Browse Prior Art Database

Sensor Arrangement on Robotic Overload Protection Structure

IP.com Disclosure Number: IPCOM000044985D
Original Publication Date: 1983-Jan-01
Included in the Prior Art Database: 2005-Feb-06
Document File: 2 page(s) / 25K

Publishing Venue

IBM

Related People

Will, PM: AUTHOR

Abstract

A sensor arrangement is described that is useful in a computer controlled robotic manipulator system such as that described in the U.S. Patent 4,132,315. That patent, as well as U.S. Patent 3,948,093, describes the control of linear movement of a manipulator arm and rotational movement in various directions of a hand or gripper incorporated as an integral part of the manipulator arm, the gripper comprising two fingers. Sensor devices, including strain gauges and Wheatstone bridge circuitry, are provided in the patented devices to supply feedback signals representative of forces and movements applied in predetermined directions on the fingers.

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Sensor Arrangement on Robotic Overload Protection Structure

A sensor arrangement is described that is useful in a computer controlled robotic manipulator system such as that described in the U.S. Patent 4,132,315. That patent, as well as U.S. Patent 3,948,093, describes the control of linear movement of a manipulator arm and rotational movement in various directions of a hand or gripper incorporated as an integral part of the manipulator arm, the gripper comprising two fingers. Sensor devices, including strain gauges and Wheatstone bridge circuitry, are provided in the patented devices to supply feedback signals representative of forces and movements applied in predetermined directions on the fingers.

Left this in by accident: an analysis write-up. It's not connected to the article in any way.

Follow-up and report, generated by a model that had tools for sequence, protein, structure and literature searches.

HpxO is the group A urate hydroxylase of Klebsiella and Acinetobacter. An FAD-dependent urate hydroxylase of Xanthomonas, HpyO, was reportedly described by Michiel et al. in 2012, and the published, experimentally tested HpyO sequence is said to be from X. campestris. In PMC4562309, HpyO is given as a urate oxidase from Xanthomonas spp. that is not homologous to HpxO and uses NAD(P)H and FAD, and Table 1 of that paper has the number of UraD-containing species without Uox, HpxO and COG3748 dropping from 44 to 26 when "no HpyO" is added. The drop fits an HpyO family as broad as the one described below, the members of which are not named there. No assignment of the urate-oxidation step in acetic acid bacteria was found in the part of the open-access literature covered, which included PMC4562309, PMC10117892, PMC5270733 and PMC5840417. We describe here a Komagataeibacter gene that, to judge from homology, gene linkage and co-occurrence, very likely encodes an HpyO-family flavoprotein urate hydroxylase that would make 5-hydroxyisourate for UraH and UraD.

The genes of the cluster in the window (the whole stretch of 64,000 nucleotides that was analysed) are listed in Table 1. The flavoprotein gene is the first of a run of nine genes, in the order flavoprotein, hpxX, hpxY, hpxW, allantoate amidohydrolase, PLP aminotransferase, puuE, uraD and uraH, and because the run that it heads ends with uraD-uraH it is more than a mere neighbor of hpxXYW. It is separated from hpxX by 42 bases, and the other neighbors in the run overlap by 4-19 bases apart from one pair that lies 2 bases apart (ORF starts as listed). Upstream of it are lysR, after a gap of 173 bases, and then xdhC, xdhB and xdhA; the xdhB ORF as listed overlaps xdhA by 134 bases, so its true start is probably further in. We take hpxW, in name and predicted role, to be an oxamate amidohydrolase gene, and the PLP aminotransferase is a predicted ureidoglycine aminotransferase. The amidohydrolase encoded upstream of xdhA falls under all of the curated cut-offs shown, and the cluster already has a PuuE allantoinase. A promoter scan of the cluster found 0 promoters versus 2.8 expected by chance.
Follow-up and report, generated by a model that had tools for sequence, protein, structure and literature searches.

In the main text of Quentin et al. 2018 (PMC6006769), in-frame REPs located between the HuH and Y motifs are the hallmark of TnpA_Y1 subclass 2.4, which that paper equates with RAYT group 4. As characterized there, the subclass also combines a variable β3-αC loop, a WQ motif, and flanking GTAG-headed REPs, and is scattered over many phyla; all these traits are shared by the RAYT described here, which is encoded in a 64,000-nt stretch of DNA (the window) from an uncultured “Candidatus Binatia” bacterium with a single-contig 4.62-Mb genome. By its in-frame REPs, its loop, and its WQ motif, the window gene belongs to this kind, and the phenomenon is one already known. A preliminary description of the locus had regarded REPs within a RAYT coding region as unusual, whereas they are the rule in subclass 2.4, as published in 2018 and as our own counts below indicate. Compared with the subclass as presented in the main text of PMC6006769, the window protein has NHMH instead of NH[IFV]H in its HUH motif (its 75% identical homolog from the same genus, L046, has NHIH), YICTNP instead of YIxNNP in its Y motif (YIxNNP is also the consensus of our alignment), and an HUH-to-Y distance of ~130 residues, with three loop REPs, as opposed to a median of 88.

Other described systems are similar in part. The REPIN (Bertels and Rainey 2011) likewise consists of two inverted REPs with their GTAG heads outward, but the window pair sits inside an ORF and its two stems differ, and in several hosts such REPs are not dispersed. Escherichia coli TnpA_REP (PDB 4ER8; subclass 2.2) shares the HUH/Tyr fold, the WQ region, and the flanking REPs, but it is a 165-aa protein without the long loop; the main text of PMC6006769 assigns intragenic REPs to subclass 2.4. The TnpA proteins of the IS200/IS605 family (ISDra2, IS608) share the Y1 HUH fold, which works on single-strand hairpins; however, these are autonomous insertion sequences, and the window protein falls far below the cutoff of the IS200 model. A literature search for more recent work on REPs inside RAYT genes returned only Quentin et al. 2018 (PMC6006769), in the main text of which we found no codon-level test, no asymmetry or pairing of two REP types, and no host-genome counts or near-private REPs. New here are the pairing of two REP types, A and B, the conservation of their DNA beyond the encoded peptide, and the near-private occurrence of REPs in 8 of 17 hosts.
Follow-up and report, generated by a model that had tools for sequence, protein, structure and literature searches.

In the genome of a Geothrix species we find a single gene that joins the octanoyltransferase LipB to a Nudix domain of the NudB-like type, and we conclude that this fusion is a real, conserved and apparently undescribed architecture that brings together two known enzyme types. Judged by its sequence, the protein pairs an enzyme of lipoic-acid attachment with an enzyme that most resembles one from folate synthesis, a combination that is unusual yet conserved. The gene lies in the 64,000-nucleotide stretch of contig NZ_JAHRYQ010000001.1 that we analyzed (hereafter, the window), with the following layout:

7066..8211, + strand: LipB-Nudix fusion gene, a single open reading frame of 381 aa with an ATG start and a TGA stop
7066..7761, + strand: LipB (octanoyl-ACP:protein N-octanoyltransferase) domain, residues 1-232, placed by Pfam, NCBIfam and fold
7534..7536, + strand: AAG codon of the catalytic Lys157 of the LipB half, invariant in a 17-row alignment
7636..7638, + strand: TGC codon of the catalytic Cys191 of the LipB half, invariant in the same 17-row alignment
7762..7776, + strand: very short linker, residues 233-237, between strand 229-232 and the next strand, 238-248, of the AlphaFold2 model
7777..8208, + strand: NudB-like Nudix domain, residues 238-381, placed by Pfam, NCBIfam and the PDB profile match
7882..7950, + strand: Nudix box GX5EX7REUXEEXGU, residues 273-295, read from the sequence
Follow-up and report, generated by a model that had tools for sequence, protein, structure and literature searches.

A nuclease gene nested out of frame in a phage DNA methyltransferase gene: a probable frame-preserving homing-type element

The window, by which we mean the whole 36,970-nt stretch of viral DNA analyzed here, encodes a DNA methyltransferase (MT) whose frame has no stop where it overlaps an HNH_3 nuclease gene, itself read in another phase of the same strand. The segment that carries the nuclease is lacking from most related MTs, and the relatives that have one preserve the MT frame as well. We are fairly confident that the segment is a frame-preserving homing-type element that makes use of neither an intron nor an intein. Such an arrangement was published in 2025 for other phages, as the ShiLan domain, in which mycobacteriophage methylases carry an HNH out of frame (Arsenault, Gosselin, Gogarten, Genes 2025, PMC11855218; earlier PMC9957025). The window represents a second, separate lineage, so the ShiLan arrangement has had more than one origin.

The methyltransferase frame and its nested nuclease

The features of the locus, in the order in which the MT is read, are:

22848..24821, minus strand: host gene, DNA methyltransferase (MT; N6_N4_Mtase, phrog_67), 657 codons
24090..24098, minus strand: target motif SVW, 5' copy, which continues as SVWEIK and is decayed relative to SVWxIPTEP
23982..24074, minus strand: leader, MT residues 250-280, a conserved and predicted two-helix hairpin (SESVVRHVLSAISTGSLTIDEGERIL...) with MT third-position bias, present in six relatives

The individual force sensors include Cartesian compliant I-beam or "dog- bone" elements represented in a simplified form in Fig. 1. These are integrally formed in the hand/finger mechanisms and may entail relatively long down-time and high replacement cost in case of damage.

A quickly replaceable dog-bone sensor structure is described here that meets all the necessary requirements but that has minimum cost. The structure meets compliance specifications, but needs no wires. Servicing time is minimized. In the structure described, the strain gauges are removed from the compliant structure and replaced by sensors attached to an overload protection structure, as shown in Fig. 2.

Various elements may be used for sensing the compliant deflection of the dog-bones: 1. Magne...